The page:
Agronomy Geeks West — Ep. 11: Nitrogen Management for Corn in the North

Adopting warm season crops,  like corn, in cool season areas, like Western Canada, takes time, patience and adaptation. The first crucial step is access to shorter season varieties, which we’ve got, but from there the nutrient/pest/harvest management trial and error learning has to follow. Hear & download more Agronomy Geeks podcasts by clicking here Grain… Read more »

Agronomy Geeks West — Ep. 10: Get More Out of Your Input Dollars & Tips for Specialty Crops

Contrary to what it looks like outside my window right now, it is officially spring. Eventually the snow will recede and the warmth will return and the ice and frost will disappear just long enough to eek out another crop from the prairie soil (apparently I wax poetic after 5 full months of winter). When… Read more »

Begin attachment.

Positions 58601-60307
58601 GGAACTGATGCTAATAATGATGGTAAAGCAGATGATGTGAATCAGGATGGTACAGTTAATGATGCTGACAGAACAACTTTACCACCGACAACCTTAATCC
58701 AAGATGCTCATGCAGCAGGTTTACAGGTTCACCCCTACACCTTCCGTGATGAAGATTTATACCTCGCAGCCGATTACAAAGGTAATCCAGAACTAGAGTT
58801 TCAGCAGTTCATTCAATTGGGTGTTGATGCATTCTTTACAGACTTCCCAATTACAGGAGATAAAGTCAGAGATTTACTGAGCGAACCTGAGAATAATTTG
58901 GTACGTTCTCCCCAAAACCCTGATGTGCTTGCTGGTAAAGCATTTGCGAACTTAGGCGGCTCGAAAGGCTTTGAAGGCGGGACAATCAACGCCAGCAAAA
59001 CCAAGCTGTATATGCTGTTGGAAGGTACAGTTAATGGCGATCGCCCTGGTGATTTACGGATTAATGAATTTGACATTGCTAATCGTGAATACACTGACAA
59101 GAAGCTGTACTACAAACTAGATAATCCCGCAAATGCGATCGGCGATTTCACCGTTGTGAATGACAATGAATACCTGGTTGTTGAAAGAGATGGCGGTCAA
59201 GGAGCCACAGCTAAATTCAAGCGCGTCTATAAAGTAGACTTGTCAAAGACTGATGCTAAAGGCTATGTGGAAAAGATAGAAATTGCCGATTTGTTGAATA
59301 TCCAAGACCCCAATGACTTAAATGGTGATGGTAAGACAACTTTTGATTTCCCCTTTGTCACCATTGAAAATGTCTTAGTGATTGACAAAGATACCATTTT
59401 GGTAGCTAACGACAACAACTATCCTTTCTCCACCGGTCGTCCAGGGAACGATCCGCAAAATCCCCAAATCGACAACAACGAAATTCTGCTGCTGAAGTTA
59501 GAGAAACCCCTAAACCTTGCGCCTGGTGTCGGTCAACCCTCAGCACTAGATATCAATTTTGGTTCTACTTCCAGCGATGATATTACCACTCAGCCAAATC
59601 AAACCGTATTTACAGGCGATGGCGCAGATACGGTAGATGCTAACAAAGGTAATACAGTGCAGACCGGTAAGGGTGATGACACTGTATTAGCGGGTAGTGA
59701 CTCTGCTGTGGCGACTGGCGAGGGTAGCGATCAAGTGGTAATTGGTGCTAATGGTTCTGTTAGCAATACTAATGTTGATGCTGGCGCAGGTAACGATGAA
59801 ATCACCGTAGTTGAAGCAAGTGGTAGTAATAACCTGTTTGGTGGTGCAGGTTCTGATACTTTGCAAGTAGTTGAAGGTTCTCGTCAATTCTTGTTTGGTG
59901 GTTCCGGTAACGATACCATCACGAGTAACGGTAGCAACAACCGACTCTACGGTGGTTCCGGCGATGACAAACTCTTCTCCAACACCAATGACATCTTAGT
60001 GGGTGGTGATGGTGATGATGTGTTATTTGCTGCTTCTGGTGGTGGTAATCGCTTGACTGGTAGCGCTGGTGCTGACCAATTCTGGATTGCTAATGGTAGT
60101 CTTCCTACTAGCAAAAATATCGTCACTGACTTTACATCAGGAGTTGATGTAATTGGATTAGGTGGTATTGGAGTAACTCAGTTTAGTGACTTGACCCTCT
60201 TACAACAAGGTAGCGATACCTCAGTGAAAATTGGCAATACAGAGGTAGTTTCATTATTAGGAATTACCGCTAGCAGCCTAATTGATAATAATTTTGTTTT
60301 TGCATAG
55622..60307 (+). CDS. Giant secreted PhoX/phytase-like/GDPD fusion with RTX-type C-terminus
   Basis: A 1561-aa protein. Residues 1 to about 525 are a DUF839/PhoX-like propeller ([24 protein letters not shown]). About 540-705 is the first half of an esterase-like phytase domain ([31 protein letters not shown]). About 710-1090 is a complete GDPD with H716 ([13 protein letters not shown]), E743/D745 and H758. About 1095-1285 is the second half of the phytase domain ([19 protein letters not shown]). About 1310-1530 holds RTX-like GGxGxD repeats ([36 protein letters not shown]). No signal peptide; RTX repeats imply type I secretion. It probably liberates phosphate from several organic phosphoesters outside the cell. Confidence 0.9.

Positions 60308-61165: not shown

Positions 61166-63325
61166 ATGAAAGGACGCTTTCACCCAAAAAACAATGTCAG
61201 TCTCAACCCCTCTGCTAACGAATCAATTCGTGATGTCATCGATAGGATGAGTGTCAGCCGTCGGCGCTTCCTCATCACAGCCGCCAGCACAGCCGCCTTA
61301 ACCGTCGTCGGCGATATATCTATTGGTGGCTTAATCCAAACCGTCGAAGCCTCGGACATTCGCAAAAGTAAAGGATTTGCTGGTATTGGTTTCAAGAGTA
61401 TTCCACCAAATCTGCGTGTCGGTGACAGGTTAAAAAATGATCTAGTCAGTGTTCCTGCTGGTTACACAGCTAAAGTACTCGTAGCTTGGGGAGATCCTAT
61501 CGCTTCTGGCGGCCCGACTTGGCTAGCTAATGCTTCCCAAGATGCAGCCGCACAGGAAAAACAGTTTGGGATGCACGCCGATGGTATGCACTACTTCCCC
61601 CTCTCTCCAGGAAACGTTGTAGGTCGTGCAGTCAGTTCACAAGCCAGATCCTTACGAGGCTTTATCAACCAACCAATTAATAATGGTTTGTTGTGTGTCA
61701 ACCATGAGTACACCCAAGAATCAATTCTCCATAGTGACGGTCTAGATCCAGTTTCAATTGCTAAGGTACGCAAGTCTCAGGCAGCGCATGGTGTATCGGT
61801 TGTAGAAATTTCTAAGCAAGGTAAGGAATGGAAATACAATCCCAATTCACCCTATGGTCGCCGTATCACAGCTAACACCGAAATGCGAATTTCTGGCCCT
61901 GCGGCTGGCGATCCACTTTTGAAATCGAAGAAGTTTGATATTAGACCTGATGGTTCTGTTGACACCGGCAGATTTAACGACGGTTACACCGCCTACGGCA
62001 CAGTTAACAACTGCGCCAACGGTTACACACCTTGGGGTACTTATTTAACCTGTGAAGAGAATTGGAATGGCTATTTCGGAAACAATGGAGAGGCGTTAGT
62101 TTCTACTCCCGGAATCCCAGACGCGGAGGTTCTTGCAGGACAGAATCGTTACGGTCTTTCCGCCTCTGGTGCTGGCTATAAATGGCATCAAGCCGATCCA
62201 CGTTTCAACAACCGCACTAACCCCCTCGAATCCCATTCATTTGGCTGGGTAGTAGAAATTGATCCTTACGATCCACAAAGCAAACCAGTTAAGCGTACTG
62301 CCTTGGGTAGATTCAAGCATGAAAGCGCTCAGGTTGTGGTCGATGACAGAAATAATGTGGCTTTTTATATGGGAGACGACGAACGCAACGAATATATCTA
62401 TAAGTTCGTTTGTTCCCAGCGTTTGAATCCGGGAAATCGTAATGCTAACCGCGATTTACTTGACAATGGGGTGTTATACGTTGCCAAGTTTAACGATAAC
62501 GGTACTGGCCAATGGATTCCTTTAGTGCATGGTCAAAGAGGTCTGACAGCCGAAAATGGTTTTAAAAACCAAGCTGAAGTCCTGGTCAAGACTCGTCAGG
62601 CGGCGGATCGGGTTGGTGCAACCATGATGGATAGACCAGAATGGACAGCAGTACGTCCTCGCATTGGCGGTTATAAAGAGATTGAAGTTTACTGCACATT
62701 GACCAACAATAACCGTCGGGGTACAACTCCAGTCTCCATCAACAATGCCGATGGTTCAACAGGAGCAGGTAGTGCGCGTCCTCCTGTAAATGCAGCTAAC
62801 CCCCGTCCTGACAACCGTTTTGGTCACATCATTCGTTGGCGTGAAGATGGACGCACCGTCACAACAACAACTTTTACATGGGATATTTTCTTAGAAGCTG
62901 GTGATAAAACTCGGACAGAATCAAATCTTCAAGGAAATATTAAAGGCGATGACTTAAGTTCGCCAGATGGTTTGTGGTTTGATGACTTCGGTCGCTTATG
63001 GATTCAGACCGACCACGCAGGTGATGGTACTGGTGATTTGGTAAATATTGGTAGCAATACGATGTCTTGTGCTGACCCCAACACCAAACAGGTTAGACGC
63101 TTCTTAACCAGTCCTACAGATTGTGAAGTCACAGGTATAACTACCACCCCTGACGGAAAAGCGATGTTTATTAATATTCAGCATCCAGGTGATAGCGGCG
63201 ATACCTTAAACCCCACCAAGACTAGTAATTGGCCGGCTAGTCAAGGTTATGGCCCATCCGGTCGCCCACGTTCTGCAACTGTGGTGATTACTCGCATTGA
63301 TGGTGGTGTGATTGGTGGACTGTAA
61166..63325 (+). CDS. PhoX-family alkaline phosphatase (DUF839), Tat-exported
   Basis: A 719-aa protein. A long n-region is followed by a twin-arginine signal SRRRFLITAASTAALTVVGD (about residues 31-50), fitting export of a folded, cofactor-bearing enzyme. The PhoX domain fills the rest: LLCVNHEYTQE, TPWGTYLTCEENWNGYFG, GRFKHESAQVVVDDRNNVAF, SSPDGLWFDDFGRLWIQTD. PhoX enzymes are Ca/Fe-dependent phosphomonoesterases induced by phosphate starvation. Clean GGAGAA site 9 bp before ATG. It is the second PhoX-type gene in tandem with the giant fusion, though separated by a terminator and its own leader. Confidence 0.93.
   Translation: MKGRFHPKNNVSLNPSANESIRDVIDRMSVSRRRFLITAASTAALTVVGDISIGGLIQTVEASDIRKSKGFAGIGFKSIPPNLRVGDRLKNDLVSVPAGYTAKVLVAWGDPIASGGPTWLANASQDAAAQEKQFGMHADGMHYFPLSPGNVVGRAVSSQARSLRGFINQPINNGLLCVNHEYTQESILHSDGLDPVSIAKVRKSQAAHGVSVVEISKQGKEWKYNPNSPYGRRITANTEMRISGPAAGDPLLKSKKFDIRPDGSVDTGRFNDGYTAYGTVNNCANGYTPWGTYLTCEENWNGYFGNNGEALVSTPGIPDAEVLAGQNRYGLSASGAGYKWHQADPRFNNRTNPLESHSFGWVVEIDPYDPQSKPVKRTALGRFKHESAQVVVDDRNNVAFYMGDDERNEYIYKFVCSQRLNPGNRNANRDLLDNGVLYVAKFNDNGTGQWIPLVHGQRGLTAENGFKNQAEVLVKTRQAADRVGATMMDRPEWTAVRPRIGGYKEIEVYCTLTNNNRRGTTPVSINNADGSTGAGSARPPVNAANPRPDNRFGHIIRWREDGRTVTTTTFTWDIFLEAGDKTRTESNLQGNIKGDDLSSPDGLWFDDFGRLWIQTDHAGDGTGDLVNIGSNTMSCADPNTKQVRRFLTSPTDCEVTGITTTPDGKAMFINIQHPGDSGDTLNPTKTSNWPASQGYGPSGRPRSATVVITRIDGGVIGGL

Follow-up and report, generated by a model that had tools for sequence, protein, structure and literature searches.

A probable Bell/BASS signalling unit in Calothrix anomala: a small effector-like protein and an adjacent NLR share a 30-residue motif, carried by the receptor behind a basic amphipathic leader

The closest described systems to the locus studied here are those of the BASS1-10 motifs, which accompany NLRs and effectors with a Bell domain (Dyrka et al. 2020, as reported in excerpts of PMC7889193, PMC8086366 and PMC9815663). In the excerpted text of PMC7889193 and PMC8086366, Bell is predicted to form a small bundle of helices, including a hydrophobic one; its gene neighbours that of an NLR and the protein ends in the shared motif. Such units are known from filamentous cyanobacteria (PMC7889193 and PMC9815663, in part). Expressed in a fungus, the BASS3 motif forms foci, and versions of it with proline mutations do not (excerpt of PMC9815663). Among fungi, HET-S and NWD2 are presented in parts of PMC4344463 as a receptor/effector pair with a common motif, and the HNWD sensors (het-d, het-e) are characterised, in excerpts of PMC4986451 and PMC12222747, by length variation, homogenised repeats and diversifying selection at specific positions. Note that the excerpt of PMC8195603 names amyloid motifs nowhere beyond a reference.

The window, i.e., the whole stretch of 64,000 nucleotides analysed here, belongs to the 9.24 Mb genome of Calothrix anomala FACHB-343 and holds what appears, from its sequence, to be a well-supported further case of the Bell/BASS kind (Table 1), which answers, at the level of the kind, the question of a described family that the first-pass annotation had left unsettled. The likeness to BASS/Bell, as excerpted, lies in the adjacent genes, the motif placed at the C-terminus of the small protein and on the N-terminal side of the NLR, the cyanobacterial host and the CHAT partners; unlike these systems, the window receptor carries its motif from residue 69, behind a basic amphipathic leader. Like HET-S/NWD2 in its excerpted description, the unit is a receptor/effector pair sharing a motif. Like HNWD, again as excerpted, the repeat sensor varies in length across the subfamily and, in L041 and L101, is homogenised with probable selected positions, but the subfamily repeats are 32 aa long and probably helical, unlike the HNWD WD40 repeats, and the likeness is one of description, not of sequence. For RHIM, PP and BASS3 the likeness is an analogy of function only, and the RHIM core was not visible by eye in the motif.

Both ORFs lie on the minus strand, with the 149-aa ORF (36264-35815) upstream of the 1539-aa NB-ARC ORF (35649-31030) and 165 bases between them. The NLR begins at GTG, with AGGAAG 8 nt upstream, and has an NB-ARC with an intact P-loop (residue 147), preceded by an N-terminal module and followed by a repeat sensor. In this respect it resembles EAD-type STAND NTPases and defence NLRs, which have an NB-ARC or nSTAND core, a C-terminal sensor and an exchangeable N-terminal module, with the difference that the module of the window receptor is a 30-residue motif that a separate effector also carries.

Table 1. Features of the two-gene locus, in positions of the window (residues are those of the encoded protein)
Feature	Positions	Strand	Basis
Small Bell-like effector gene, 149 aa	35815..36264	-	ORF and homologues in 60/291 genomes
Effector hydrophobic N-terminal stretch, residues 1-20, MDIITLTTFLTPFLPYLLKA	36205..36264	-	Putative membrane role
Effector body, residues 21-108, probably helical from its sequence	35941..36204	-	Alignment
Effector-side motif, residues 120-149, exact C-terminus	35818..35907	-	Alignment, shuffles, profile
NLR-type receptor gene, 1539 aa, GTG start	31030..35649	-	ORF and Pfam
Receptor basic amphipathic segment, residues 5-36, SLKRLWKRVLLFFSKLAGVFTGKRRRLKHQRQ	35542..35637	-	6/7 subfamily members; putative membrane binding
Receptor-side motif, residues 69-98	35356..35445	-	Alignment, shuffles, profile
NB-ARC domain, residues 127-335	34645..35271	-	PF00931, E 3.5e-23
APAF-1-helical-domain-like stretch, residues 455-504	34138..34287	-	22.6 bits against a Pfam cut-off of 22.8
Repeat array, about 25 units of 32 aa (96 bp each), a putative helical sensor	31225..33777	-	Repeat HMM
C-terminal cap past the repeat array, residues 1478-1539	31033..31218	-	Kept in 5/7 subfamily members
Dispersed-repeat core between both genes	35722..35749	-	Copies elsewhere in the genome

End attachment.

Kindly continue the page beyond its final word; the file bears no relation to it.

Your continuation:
Agronomy Geeks West — Ep. 9: What’s Hurting Canola Yield Potential The Most?

What costs the canola crop the most in yield each year? Lack of fertility? Harvest losses? Spoilage in storage? Swath timing? The question isn’t actually entirely fair, as we can’t necessarily answer this question precisely, but we can most certainly start to stack up the evidence to support or refute each of these management areas’… Read more »

Agronomy Geeks West — Ep. 8: Treat Your Winter Wheat Like it Made it

If it’s late May and your winter wheat crop is awake and starting to look good so you figure it’s time to top up the nitrogen, you’ve already missed the ideal window for a spring application. Plus, if you didn’t take care of winter annuals last fall, those tiny seedlings that over wintered took off… Read more »